“Walking in and out of our neighborhood was like walking into the DMZ,” said Kevin Amos, who was in high school at the time.
Dozens of storefronts were destroyed, their inventory either trashed by rioters or stolen by looters. Virtually overnight, one of the busiest shopping districts in the city of Pittsburgh disappeared.
The second history-making event, less well-known, occurred on April 11, when President Lyndon B. Johnson signed the Civil Rights Act of 1968. One section of the act, Title VIII, came to be known in itself as the Fair Housing Act, for it guaranteed the right of blacks to live wherever they chose.
The impact of that legislation on Homewood was not as immediate as Dr. King’s murder, but it was no less profound.
For the first time, the middle-class blacks who had established themselves in Homewood could now buy the newer homes with larger yards to be found in Penn Hills, Plum and Monroeville. Many of them chose to do so, and a decade of white flight was followed by black flight.
Between 1970 and 1980, Homewood’s population shrank by a quarter, to 15,158 from 20,266.
From the days of its earliest growth as a middle-class neighborhood, Homewood had benefited from the presence of civic groups that sought to uplift the community and promote commerce there, but no agency had the wherewithal to execute a large-scale plan for the neighborhood until 1983, when the Homewood-Brushton Revitalization and Development Corp. was formed.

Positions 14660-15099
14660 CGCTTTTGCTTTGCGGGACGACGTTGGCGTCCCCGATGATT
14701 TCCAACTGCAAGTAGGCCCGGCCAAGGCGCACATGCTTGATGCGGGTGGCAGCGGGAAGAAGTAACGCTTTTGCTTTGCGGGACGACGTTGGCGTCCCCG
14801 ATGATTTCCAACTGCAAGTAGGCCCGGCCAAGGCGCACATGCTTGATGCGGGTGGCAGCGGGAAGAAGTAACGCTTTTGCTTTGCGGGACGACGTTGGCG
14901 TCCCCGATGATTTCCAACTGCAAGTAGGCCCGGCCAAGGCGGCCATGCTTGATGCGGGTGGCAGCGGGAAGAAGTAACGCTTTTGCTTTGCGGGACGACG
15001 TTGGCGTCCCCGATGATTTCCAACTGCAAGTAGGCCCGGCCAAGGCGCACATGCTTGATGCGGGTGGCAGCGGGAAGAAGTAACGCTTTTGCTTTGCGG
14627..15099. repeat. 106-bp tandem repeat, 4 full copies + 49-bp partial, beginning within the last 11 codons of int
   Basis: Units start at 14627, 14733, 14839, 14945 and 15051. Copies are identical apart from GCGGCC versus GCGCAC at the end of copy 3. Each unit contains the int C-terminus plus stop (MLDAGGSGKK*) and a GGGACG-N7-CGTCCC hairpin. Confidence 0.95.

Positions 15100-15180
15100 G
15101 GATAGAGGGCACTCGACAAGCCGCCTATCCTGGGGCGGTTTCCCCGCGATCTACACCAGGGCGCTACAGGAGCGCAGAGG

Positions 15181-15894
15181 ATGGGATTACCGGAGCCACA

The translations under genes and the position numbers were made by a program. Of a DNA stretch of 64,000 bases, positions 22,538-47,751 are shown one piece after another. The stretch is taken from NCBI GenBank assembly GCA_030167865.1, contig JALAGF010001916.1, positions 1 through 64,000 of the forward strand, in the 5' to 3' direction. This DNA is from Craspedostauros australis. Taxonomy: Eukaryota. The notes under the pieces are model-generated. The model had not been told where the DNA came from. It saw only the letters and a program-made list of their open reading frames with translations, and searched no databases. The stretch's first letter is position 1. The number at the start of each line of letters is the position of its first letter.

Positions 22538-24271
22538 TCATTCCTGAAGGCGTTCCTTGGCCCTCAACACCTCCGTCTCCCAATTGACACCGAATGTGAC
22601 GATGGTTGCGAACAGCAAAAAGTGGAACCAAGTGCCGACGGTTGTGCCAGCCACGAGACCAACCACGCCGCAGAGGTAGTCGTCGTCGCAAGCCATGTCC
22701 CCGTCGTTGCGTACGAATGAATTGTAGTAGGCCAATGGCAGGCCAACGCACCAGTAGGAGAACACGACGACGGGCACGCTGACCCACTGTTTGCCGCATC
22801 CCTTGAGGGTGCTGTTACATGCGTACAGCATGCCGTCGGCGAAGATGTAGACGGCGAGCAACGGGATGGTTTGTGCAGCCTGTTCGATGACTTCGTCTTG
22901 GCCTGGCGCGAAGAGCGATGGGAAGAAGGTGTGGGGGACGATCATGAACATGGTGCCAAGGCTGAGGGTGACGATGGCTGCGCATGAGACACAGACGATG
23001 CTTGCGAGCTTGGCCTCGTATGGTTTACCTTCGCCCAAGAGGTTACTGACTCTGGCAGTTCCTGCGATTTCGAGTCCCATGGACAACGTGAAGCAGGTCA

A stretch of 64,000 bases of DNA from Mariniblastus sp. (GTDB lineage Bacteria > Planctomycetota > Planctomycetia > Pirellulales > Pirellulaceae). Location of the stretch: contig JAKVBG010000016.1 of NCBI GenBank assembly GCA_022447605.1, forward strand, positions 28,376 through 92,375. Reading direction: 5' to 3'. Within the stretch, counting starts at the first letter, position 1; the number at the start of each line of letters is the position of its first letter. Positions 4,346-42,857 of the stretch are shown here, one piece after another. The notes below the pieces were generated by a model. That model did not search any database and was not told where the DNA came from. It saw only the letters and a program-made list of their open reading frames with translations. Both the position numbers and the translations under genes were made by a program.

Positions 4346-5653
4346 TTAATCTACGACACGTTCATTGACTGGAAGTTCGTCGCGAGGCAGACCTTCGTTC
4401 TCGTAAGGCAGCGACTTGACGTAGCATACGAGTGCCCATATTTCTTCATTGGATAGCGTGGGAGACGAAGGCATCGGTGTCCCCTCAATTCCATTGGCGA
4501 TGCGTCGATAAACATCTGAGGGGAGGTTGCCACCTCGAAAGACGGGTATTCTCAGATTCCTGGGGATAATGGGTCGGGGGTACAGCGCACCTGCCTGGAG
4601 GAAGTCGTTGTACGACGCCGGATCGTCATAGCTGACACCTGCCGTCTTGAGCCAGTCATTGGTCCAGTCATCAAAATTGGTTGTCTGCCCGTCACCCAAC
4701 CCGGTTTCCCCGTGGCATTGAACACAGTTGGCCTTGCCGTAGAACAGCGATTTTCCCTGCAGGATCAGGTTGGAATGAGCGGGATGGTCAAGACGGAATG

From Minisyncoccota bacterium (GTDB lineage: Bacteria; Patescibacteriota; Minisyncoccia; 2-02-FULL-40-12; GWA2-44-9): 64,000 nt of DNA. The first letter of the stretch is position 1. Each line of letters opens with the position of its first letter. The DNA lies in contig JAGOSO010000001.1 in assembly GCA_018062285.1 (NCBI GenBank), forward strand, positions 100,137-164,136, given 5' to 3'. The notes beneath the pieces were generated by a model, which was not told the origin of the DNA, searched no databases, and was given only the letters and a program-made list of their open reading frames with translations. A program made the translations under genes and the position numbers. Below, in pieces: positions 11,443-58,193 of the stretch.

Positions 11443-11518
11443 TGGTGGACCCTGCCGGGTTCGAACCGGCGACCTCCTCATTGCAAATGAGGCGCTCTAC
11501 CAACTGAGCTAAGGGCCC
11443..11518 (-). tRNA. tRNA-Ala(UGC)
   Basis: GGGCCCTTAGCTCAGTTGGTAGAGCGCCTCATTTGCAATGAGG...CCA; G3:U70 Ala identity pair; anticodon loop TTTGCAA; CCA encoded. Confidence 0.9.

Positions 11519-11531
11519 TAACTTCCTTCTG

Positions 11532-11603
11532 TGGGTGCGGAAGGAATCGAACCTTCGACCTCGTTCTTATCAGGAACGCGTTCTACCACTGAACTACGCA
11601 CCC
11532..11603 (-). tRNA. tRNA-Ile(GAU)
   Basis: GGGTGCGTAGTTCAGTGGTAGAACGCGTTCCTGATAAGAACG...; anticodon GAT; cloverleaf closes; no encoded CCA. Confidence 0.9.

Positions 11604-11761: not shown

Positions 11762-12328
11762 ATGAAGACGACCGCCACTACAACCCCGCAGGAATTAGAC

Headed by Mulugetta Birru, the group launched an ambitious series of projects to renew the neighborhood.
It published a newspaper, created a radio station, built a row of townhouses on Homewood Avenue next to the Martin Luther King Jr. East Busway, and masterminded the construction of both a Dairy Queen and Rite-Aid drugstore.
But alongside those achievements, darker stories were unfolding.
For one thing, the decline of America’s steel industry, which had begun years earlier, accelerated, increasing unemployment not just in Homewood, but throughout the city. Facing increased competition for fewer jobs, another wave of Homewood’s residents left Pittsburgh altogether, helping to shrink the neighborhood’s population to 11,511 in 1990.
For another, Homewood, along with other black neighborhoods, saw an influx of crack cocaine and a growth in gang activity. The Dairy Queen and the Rite-Aid both closed after robberies. The loss of income from those enterprises, along with difficulties in collecting rents from its housing units, put the organization into a financial tailspin from which it never recovered. It has been inactive for a decade.
Several agencies have recently launched new initiatives. The East End Community Collaborative serves as a primary clearinghouse for people who need a wide range of social services, allowing them to connect with more than 50 different agencies.
Meanwhile, Operation Better Block is launching a new initiative to draw more people into forming block clubs geared for renters.
And on Finance Street, where the first nonwealthy residents of Homewood settled so long ago, a row of new homes has been built.